Coconut, the second largest seed of the botanical world, originated in the region framed by India, Malaysia, Indonesia, and New Zealand. How coconut spread throughout the world is an interesting story but relatively easy to explain – they float and the currents do the rest.
When Portuguese sailors at the beginning of the 16th century first saw the “three eyed” nut called it coco, meaning “grinning face” or “monkey face”.
Centuries ago the peoples inhabiting South Pacific islands, for its wateer, mostly favoured ago coconut. Fish was plentiful the.
bears throughout the year and its delicious water is sterile. Nature thought of everything during the “creation”.
It is low in sugar and high in electrolytes which one might call the “original” energy drink.
In Brazil, coconut water outsells fruit juices except orange juice and both Coca Cola and Pepsi have invested in companies involved in coconut water production and marketing. You can safely believe that soon coconut water will be vigorously marketed first in the U.S.A and then in Canada.
Some people claim coconut the “pig” of the South pacific. Absolutely every part of the coconut is used in savoury dishes, coconut milk in sauces, cocktails, the sap of the tree is fermented to wine (toddy) or converted to vinegar, the tender “heart” of palm finds uses in exotic salads, shells are made to cups, bowls, ladles, or burned as fuel or pressed to extract coconut oil. But the forgoing is incomplete – coconut husk is made to rope that resists the corrosive power of sea salt, the wood is used to build houses and furniture, hollowed out trunks become canoes.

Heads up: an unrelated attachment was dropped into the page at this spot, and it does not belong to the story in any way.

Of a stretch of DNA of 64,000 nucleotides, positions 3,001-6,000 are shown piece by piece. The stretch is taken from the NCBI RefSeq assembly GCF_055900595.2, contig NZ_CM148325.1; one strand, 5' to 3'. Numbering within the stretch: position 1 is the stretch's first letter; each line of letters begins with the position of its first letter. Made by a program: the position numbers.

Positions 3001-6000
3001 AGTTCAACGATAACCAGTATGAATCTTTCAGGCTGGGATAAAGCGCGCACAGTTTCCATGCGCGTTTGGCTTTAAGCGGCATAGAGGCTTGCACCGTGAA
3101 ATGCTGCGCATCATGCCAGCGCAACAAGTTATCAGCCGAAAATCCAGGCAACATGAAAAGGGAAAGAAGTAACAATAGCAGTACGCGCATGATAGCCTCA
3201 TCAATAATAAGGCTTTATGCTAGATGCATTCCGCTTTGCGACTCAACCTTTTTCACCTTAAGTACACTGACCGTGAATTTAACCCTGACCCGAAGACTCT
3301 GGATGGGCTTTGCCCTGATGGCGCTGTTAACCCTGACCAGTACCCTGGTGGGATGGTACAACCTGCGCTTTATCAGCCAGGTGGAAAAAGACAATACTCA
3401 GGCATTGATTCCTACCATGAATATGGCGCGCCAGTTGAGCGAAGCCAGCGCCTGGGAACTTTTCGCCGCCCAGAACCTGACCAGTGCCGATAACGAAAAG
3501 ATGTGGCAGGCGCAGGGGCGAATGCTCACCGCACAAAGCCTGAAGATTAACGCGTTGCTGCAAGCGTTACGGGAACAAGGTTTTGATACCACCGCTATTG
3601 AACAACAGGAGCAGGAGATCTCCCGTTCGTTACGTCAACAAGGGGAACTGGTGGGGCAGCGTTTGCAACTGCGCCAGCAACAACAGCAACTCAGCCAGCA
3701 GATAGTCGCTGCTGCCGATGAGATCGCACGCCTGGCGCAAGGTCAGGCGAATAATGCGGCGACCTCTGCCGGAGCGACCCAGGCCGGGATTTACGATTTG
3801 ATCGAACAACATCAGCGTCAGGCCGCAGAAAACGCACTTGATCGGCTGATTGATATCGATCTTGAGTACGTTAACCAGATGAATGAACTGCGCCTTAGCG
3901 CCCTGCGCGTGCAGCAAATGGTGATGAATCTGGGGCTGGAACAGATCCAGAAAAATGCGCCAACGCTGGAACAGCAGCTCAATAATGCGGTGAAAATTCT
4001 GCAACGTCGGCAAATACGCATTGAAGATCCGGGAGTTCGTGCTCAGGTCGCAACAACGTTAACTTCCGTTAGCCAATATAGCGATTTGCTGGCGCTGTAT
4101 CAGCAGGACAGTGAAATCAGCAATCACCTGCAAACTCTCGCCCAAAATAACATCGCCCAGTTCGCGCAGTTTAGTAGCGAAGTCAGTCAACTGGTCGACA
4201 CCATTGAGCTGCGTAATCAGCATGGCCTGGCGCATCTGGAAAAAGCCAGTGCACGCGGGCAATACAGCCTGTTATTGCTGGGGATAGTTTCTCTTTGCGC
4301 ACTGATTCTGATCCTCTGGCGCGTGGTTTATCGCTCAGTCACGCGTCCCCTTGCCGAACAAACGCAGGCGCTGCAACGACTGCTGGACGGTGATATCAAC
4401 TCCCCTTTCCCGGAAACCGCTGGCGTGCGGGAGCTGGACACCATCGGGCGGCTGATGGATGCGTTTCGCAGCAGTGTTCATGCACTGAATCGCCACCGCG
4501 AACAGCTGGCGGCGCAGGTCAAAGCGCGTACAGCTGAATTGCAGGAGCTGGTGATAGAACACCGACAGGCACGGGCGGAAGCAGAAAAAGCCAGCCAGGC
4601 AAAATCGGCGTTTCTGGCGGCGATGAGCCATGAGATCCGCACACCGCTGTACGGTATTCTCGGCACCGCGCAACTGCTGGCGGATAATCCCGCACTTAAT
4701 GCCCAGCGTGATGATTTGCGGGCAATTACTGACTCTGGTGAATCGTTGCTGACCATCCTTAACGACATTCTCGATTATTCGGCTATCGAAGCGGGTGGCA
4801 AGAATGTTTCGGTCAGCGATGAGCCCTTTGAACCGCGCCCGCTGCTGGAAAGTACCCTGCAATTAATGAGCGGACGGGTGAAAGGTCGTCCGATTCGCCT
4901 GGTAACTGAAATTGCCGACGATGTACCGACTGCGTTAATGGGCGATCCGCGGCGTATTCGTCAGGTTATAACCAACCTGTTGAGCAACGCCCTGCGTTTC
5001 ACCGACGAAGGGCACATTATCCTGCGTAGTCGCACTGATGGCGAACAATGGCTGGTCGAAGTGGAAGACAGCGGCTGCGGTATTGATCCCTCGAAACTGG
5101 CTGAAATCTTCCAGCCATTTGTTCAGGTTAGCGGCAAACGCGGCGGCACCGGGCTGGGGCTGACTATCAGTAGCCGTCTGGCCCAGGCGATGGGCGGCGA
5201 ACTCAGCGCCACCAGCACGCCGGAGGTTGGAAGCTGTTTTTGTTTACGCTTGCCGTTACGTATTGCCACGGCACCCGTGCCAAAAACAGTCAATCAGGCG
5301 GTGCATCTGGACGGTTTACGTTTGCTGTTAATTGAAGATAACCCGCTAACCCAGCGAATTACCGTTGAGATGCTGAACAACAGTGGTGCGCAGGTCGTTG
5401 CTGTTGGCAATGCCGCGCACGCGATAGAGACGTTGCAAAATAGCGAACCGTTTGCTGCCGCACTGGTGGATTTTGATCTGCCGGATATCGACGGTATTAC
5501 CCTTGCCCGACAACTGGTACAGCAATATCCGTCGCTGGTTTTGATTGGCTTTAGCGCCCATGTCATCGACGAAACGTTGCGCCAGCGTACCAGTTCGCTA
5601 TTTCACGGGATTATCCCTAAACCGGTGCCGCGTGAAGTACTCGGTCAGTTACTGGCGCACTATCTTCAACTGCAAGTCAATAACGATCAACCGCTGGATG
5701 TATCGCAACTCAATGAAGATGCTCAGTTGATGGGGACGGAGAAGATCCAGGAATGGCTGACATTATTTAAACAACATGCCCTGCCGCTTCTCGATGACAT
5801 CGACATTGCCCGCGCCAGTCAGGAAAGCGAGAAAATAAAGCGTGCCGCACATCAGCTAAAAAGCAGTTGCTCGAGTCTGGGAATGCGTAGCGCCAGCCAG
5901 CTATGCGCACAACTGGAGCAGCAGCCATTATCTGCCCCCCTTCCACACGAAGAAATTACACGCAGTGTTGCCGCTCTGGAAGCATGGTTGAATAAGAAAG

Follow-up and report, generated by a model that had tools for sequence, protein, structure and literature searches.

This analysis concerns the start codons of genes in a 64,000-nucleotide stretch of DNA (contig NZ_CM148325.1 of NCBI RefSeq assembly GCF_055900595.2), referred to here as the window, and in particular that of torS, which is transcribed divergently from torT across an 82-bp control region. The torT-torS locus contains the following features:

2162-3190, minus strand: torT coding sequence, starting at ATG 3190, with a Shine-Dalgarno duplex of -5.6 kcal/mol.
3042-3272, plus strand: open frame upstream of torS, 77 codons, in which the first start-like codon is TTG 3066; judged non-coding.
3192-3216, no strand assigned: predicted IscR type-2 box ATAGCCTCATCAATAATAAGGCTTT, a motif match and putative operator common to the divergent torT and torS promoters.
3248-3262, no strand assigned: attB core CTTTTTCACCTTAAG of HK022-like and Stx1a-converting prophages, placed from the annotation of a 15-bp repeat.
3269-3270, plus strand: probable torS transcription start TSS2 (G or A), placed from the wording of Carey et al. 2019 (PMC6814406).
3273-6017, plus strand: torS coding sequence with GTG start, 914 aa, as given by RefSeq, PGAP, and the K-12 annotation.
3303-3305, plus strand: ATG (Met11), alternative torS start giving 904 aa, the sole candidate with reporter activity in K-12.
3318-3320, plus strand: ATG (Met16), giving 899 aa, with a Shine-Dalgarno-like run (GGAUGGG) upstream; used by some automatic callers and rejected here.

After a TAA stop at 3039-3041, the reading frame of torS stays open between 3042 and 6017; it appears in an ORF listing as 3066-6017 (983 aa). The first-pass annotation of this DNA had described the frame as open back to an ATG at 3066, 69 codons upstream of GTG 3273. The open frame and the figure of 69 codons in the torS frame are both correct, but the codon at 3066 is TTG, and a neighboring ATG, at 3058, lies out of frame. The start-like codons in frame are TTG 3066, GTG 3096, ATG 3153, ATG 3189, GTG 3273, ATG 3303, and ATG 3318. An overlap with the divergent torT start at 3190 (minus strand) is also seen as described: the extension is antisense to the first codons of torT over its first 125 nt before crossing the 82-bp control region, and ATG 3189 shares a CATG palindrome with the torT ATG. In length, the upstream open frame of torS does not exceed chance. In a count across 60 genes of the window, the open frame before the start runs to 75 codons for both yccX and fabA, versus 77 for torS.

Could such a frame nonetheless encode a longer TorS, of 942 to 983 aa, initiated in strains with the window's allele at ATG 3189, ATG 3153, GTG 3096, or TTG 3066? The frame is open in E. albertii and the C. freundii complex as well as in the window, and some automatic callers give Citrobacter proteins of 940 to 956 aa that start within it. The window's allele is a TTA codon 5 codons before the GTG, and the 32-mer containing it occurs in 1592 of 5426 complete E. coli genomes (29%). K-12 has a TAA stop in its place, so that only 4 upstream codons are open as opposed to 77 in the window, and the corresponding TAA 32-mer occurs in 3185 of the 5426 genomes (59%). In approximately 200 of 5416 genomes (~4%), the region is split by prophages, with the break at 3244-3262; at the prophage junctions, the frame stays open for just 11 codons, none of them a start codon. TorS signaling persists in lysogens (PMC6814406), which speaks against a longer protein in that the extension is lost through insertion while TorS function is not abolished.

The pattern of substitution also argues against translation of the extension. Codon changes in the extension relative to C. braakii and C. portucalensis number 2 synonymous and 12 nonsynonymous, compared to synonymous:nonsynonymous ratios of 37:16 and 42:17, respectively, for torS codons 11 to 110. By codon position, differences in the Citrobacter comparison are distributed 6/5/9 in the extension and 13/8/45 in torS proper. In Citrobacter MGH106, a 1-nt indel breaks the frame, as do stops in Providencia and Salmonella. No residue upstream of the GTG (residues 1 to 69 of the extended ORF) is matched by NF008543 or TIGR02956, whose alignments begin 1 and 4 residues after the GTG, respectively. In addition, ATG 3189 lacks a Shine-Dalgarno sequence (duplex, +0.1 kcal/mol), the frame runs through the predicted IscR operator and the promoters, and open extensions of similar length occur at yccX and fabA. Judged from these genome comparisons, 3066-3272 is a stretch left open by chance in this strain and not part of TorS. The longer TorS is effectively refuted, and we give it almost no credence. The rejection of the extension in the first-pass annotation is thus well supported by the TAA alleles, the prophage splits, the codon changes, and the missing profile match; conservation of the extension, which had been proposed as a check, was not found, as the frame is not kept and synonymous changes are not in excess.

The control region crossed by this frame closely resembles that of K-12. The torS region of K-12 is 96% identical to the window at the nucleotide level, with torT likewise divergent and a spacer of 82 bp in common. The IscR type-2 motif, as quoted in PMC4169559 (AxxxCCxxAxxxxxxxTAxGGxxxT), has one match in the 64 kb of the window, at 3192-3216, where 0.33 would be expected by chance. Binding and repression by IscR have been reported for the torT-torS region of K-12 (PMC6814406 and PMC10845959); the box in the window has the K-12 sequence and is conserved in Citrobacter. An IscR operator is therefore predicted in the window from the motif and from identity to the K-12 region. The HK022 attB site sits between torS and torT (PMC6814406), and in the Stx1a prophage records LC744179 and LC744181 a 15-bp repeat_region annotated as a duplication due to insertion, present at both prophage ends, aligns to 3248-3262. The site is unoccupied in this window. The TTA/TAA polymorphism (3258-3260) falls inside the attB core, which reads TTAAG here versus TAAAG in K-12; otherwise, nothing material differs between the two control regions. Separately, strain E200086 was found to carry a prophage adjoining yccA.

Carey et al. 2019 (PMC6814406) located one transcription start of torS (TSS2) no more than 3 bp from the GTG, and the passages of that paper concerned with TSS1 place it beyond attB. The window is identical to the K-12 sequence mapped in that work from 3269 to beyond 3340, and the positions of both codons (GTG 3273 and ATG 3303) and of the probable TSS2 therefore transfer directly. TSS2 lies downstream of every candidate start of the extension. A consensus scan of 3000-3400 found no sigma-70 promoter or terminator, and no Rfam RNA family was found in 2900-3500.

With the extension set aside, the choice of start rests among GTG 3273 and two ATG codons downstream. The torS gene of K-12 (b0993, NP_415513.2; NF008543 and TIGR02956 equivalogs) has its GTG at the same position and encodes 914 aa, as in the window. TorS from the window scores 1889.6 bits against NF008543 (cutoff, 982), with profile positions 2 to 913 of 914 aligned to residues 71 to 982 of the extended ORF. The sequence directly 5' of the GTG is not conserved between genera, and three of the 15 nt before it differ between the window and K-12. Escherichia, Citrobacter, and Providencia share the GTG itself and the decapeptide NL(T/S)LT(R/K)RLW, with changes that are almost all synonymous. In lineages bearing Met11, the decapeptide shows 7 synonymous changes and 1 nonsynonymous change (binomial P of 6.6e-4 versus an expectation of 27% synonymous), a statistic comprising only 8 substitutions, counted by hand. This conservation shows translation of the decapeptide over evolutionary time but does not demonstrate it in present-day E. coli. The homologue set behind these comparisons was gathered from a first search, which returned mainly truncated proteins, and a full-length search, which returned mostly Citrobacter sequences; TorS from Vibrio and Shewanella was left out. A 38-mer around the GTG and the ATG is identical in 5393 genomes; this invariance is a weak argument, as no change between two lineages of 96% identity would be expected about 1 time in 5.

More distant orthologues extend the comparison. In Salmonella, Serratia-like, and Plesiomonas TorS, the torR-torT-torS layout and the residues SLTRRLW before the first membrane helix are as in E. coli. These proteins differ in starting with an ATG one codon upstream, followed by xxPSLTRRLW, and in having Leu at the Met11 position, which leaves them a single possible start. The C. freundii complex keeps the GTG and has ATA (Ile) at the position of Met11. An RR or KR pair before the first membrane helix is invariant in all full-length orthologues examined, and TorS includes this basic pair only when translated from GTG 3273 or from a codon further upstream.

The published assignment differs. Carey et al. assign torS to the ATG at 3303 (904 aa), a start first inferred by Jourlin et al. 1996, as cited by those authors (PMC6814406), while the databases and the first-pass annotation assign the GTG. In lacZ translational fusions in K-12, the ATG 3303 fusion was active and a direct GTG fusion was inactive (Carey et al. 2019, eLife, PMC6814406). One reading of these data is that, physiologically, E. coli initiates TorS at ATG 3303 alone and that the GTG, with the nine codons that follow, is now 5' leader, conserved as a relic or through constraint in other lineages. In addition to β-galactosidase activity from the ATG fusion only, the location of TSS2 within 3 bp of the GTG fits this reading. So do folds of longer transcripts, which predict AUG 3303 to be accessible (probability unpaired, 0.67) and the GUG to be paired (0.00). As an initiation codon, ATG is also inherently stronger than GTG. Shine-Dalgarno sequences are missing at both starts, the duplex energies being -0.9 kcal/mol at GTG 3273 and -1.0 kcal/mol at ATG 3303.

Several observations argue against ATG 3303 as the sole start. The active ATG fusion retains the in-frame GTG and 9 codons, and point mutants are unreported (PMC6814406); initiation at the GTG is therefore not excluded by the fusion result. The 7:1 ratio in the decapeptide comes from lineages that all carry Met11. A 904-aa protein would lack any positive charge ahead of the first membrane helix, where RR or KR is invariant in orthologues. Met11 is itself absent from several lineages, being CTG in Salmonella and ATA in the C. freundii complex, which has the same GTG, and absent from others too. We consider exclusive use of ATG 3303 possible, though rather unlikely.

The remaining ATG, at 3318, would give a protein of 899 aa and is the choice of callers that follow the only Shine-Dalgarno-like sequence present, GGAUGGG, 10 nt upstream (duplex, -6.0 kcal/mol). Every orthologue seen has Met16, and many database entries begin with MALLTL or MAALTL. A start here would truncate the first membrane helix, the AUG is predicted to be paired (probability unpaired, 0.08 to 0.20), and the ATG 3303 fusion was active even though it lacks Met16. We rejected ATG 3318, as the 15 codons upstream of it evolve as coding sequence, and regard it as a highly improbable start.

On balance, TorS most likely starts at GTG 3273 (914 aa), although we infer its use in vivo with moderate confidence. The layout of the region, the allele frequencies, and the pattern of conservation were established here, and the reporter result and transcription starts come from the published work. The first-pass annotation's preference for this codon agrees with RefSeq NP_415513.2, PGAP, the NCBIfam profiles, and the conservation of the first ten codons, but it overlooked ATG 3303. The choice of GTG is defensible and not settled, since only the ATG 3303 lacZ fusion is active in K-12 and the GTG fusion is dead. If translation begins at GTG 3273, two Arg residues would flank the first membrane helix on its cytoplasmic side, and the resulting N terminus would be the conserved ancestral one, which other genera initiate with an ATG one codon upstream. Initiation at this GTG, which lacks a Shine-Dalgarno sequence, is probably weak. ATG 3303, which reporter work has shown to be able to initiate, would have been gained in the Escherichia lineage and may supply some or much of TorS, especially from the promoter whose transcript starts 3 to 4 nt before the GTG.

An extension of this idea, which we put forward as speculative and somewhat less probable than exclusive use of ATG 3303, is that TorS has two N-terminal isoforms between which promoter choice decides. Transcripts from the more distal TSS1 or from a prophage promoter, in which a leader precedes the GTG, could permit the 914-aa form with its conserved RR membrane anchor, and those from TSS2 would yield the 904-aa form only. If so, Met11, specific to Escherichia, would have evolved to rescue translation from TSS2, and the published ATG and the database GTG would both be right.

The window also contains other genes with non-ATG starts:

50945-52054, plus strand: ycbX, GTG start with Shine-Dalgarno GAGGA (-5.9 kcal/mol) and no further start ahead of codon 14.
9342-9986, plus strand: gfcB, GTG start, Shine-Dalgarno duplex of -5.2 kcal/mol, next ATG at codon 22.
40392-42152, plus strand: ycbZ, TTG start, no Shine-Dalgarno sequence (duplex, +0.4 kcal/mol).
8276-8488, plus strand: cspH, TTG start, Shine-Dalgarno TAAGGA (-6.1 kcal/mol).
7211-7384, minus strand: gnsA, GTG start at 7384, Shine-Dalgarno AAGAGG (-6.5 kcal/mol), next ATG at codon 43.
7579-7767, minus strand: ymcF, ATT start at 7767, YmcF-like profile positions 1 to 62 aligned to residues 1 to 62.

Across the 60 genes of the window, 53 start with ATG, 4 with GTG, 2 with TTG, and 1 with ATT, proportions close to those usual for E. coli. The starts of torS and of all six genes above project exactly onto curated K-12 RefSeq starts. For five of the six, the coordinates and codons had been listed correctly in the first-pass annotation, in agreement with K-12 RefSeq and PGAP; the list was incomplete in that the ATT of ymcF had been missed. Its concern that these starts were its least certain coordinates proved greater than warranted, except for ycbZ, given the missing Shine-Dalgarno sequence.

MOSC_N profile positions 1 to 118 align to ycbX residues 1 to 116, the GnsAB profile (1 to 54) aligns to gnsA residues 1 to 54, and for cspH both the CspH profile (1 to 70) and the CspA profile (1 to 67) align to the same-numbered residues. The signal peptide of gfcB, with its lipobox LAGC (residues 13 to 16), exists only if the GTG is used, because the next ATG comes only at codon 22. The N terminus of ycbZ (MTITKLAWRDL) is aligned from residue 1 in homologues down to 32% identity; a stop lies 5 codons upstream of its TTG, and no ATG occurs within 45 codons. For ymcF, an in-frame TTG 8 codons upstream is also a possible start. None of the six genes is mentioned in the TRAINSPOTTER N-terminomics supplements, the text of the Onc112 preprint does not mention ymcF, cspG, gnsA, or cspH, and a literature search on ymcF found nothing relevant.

60 per cent of the coconut is oil and in many islands it finds uses in cooking, lighting and lotions for the hair and body.
The fish and chips business in England started in earnest, when small-scale coconut oil processors went out of business and started using their cauldrons to fry then plentiful fish in that country.
In Europe and North America desiccated coconut and other products are mainly used in desserts, and pies. Of late more and more canned coconut cream is becoming available.
Millions believe hydrogenated palm oil (branded as Palmitin in Germany) was used often in cooking but now many believe coconut to contain saturated fats and shy away from using it.
In Sri Lanka and Polynesia coconut consumption is high, yet there has been no reported case of high cholesterol!
Coconuts are one of the wonder foods on earth that many people living in the tropics regard as a plant all parts of which can be used and are beneficial – the use of coconut in one form or another stabilizes blood sugar, lowers cholesterol, one litre of water.
Coconut cream is the best skin treatment.
Buy young coconuts they contain the purest unsaturated fat compared to those more mature.